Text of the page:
Annals of Surgical Oncology

, Volume 23, Issue 8, pp 2610–2617 | Cite as

Program Death 1 Immune Checkpoint and Tumor Microenvironment: Implications for Patients With Intrahepatic Cholangiocarcinoma

  • Faiz Gani
  • Neeraja Nagarajan
  • Yuhree Kim
  • Qingfeng Zhu
  • Lan Luan
  • Feriyl Bhaijjee
  • Robert A. AndersEmail author
  • Timothy M. PawlikEmail author
Hepatobiliary Tumors



Program death 1 (PD-1) and its ligand (PD-L1) have been identified as potential therapeutic targets for solid and hematologic malignancies. The current study aimed to assess PD-L1 expression in intrahepatic cholangiocarcinoma (ICC) and relate clinical outcomes to its expression.


Formalin-fixed, paraffin-embedded tumor specimens were obtained for patients undergoing surgery at Johns Hopkins Hospital between 1991 and 2011. Immunohistochemistry was used to assess PD-L1 expression in tumor-associated macrophages (TAMs) and within the tumor front (TF).


Of 54 tumor samples analyzed, 34 stained positive for PD-L1 expression on TAMs (TAMs+), and 39 stained positive for PD-L1 expression on cells within the tumor front (TF+). The TF+ patients were less likely to present with metastatic lymph nodes (N1 patients: 26.7 vs 7.7 %; p = 0.011), whereas all tumors with intrahepatic metastasis failed to demonstrate staining for PD-L1 around the tumor front (p = 0.020). Patients with tumors shown to be TAMs+ were less likely to present with multiple lesions (35.0 vs 8.8 %; p = 0.017). Patients with tumors exhibiting PD-L1 expression around the tumor front demonstrated a worse overall survival than TF patients (p = 0.008). Multivariable analysis showed that patients with tumors staining for PD-L1 in the tumor front had a 59.5 % reduced survival (TF− vs TF+: time ratio, 0.405; 95 % confidence interval, 0.215–0.761; p = 0.005).


Expression of PD-L1 was noted among a majority of patients, and PD-L1 expression within the tumor front was associated with a 60 % decreased survival. Future clinical trials are necessary to assess the safety and efficacy of anti-PD-L1 therapies among patients with ICC.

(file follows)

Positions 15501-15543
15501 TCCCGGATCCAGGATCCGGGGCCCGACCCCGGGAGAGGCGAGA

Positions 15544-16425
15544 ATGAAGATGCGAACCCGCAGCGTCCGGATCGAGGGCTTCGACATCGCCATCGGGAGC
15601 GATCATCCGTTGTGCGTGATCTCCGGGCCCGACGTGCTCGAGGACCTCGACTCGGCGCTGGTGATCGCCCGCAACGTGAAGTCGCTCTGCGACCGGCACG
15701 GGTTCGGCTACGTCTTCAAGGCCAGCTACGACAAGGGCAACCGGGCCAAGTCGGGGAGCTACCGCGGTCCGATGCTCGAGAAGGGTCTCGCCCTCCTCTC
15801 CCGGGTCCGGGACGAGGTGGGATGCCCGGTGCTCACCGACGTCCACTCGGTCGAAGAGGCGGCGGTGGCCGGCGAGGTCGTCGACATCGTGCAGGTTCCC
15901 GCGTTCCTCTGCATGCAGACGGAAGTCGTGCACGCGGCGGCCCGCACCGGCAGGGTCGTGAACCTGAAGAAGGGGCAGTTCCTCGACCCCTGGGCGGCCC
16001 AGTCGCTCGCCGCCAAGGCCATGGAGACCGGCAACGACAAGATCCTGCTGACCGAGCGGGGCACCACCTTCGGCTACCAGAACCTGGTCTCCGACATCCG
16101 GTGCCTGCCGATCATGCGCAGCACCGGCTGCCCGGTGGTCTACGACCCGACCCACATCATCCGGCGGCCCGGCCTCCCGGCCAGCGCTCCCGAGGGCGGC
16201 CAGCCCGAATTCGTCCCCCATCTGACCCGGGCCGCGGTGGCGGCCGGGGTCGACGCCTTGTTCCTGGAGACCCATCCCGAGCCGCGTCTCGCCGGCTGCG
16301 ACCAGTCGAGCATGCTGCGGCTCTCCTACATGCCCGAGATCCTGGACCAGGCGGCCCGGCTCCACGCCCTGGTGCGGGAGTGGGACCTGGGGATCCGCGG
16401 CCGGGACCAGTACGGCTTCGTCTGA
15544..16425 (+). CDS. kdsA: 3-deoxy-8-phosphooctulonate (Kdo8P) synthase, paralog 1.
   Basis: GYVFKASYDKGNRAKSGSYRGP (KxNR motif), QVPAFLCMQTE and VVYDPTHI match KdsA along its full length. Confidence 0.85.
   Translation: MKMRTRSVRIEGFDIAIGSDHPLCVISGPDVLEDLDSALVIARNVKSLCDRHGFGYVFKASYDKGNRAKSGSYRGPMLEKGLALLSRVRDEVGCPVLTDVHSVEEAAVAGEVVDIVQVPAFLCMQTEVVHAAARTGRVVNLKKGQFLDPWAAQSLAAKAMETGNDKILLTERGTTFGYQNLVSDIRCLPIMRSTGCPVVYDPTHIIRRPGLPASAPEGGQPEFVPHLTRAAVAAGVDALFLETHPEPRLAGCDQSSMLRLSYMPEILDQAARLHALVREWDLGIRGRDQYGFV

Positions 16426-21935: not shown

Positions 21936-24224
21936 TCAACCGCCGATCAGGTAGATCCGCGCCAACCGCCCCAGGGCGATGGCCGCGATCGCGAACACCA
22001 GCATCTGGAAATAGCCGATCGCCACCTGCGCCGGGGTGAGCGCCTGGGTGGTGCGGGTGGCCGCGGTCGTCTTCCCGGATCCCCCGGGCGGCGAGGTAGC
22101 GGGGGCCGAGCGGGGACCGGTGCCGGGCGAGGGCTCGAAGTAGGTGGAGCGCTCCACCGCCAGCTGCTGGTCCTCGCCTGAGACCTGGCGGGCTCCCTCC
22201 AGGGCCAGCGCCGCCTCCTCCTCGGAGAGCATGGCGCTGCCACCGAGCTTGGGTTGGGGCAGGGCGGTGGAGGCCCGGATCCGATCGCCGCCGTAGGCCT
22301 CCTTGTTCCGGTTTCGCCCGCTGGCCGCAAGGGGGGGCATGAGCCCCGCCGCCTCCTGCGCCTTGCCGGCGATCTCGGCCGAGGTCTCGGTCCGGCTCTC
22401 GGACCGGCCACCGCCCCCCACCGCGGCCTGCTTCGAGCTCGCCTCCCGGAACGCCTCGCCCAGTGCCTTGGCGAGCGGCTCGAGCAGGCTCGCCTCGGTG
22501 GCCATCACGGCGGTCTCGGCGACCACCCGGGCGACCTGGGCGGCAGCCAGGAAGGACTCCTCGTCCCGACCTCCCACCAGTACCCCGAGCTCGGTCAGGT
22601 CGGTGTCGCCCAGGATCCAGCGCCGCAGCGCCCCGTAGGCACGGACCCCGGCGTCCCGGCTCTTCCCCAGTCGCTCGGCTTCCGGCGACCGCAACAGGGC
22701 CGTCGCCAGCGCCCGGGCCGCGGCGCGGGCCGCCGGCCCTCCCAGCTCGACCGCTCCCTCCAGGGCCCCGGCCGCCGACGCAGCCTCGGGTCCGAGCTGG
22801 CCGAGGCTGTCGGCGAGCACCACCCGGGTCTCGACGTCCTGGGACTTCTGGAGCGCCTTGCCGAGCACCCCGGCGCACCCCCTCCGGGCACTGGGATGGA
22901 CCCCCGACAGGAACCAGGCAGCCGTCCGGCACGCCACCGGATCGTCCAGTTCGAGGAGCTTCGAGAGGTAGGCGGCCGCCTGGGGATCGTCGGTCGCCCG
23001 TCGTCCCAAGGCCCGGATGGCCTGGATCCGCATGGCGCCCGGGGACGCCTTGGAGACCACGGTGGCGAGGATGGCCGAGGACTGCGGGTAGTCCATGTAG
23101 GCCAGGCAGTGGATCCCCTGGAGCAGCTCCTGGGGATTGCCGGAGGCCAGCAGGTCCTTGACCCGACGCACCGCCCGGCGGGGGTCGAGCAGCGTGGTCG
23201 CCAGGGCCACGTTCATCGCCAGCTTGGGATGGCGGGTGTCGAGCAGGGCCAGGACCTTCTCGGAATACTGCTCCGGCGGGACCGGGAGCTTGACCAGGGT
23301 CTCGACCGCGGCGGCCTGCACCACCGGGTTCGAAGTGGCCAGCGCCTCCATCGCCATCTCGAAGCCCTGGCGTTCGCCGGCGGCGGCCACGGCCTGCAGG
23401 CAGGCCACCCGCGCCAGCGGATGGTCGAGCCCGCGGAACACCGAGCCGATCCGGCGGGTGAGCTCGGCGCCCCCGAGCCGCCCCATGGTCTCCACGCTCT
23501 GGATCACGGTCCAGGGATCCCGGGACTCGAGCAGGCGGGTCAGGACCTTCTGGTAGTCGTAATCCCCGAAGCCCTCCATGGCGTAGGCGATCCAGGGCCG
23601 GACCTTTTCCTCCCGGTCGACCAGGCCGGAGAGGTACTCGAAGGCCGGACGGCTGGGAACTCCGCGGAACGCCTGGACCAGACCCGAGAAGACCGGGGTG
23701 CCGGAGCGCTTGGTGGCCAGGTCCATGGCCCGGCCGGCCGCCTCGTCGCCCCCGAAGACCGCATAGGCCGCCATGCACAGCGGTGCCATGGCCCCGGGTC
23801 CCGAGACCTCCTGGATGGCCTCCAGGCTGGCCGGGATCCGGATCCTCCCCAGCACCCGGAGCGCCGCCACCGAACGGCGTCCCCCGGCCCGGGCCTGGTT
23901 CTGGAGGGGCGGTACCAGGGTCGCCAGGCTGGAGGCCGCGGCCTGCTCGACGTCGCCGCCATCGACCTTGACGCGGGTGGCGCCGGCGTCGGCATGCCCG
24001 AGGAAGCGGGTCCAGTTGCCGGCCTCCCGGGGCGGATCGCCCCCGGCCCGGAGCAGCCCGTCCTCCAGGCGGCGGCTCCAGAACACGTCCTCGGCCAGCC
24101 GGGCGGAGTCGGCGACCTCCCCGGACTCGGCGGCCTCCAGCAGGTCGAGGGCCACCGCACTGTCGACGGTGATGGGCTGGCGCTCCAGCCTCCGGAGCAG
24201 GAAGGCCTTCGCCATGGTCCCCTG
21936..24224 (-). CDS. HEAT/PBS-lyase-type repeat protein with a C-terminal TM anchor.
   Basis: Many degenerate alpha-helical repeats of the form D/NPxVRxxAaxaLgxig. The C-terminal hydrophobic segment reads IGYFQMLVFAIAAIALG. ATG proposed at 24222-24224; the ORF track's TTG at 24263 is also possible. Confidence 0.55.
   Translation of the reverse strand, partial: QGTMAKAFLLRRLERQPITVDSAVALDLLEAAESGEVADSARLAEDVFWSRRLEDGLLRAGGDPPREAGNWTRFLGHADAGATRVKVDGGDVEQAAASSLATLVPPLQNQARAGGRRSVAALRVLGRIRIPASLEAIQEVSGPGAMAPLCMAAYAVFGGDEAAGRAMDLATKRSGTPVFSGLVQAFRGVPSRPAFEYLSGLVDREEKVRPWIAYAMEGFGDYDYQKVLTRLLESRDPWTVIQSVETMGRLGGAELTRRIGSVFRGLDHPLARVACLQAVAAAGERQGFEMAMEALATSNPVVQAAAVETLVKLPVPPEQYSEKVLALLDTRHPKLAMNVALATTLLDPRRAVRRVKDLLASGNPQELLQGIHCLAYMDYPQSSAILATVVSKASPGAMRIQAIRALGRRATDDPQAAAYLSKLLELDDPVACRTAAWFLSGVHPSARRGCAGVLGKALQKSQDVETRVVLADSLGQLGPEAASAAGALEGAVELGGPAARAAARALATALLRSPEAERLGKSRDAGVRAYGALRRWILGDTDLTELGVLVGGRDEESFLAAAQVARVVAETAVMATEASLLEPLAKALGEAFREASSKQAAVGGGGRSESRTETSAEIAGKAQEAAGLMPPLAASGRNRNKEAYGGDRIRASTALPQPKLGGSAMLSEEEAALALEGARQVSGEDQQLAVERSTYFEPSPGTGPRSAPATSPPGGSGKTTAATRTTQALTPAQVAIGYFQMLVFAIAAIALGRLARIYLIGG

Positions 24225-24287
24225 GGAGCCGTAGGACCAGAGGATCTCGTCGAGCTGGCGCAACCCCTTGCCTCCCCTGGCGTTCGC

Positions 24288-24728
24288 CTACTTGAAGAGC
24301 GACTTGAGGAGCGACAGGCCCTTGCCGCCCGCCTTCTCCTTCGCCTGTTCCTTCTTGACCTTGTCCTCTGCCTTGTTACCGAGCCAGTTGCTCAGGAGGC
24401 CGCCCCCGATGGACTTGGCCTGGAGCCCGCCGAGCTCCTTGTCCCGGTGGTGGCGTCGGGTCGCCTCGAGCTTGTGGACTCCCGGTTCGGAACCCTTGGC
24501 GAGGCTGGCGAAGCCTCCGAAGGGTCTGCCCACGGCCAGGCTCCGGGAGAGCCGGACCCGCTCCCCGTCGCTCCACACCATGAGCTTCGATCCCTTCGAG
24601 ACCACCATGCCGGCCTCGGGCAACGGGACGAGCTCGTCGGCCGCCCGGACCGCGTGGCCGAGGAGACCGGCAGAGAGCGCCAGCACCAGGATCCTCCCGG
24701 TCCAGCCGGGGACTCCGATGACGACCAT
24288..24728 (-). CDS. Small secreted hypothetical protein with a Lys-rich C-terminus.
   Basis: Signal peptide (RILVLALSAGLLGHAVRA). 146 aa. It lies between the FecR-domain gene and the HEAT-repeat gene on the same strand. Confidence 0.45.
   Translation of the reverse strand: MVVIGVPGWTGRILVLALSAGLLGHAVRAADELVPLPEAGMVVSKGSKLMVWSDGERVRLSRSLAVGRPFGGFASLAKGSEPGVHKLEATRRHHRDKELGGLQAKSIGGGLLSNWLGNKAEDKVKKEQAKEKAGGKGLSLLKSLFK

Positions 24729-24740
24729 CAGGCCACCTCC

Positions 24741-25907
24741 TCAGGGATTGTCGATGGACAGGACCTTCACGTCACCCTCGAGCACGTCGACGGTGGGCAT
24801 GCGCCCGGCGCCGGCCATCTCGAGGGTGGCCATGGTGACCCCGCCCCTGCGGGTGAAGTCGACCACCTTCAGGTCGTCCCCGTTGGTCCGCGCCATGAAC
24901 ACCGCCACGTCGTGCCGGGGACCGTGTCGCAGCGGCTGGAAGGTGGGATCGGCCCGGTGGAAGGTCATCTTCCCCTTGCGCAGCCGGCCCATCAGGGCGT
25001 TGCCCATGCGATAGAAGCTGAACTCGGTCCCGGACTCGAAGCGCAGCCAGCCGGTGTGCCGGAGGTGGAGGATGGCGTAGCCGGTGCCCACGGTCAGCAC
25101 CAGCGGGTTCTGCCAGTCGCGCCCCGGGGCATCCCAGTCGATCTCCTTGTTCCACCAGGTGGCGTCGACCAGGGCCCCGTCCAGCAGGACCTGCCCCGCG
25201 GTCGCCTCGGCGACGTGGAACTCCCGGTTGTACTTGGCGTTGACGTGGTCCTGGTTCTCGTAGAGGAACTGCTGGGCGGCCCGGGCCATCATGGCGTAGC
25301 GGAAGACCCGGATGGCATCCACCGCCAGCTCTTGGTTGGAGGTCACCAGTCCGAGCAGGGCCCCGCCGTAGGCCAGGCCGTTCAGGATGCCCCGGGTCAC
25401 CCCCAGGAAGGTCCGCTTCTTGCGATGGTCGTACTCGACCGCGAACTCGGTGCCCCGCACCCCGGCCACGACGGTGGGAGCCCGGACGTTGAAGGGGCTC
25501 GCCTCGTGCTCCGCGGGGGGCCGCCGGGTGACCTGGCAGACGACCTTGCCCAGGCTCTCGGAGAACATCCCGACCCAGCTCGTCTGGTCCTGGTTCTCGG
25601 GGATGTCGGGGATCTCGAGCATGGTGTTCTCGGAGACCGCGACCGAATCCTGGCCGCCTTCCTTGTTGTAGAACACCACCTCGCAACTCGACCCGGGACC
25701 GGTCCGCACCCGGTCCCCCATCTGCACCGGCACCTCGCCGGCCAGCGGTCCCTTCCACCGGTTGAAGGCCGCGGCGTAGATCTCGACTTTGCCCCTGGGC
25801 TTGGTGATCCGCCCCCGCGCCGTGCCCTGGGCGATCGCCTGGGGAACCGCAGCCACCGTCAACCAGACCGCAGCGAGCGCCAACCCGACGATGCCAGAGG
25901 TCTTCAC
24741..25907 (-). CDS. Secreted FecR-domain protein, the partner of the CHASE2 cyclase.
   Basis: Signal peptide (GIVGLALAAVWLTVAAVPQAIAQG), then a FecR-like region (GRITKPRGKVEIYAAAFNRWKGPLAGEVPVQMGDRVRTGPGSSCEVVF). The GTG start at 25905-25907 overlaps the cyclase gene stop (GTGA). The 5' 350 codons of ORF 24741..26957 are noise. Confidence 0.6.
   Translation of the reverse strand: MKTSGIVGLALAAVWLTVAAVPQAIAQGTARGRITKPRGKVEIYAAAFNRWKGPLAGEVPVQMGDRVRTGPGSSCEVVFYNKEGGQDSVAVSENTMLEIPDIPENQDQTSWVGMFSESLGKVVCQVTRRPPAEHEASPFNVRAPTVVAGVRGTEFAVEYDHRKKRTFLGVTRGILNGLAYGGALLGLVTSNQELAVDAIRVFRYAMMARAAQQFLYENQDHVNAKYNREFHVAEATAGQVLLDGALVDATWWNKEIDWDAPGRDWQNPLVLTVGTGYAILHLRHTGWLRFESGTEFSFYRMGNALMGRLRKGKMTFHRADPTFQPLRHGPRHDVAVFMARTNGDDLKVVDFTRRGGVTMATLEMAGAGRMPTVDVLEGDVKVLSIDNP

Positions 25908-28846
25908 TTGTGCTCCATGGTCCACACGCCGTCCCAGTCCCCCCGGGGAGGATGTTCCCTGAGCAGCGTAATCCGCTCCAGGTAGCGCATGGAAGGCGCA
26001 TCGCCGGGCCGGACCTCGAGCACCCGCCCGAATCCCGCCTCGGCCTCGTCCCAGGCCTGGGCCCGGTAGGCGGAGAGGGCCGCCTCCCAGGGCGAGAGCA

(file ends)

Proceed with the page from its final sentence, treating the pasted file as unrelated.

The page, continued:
Overall Survival Tumor Microenvironment Cholangiocarcinoma Intrahepatic Cholangiocarcinoma Akaike Information Criterion 
These keywords were added by machine and not by the authors. This process is experimental and the keywords may be updated as the learning algorithm improves.


Conflict of interest

Dr. Robert A. Anders receives research funding from Bristol-Myers Squibb and Five Prime Diagnostics. The remaining authors have no conflicts of interests.

Supplementary material

10434_2016_5101_MOESM1_ESM.docx (15 kb)
Supplementary material 1 (DOCX 14 kb)


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Copyright information

© Society of Surgical Oncology 2016

Authors and Affiliations

  • Faiz Gani
    • 1
  • Neeraja Nagarajan
    • 1
  • Yuhree Kim
    • 1
  • Qingfeng Zhu
    • 2
  • Lan Luan
    • 2
  • Feriyl Bhaijjee
    • 2
    • 3
  • Robert A. Anders
    • 2
    Email author
  • Timothy M. Pawlik
    • 1
    • 4
    Email author
  1. 1.Department of SurgeryJohn Hopkins University School of MedicineBaltimoreUSA
  2. 2.Division of Gastrointestinal and Liver Pathology, Department of PathologyJohns Hopkins University School of MedicineBaltimoreUSA
  3. 3.Department of PathologyAmeriPath IndianaIndianapolisUSA
  4. 4.Division of Surgical Oncology, Department of Surgery, John L. Cameron Professor of Alimentary Tract SurgeryJohns Hopkins HospitalBaltimoreUSA

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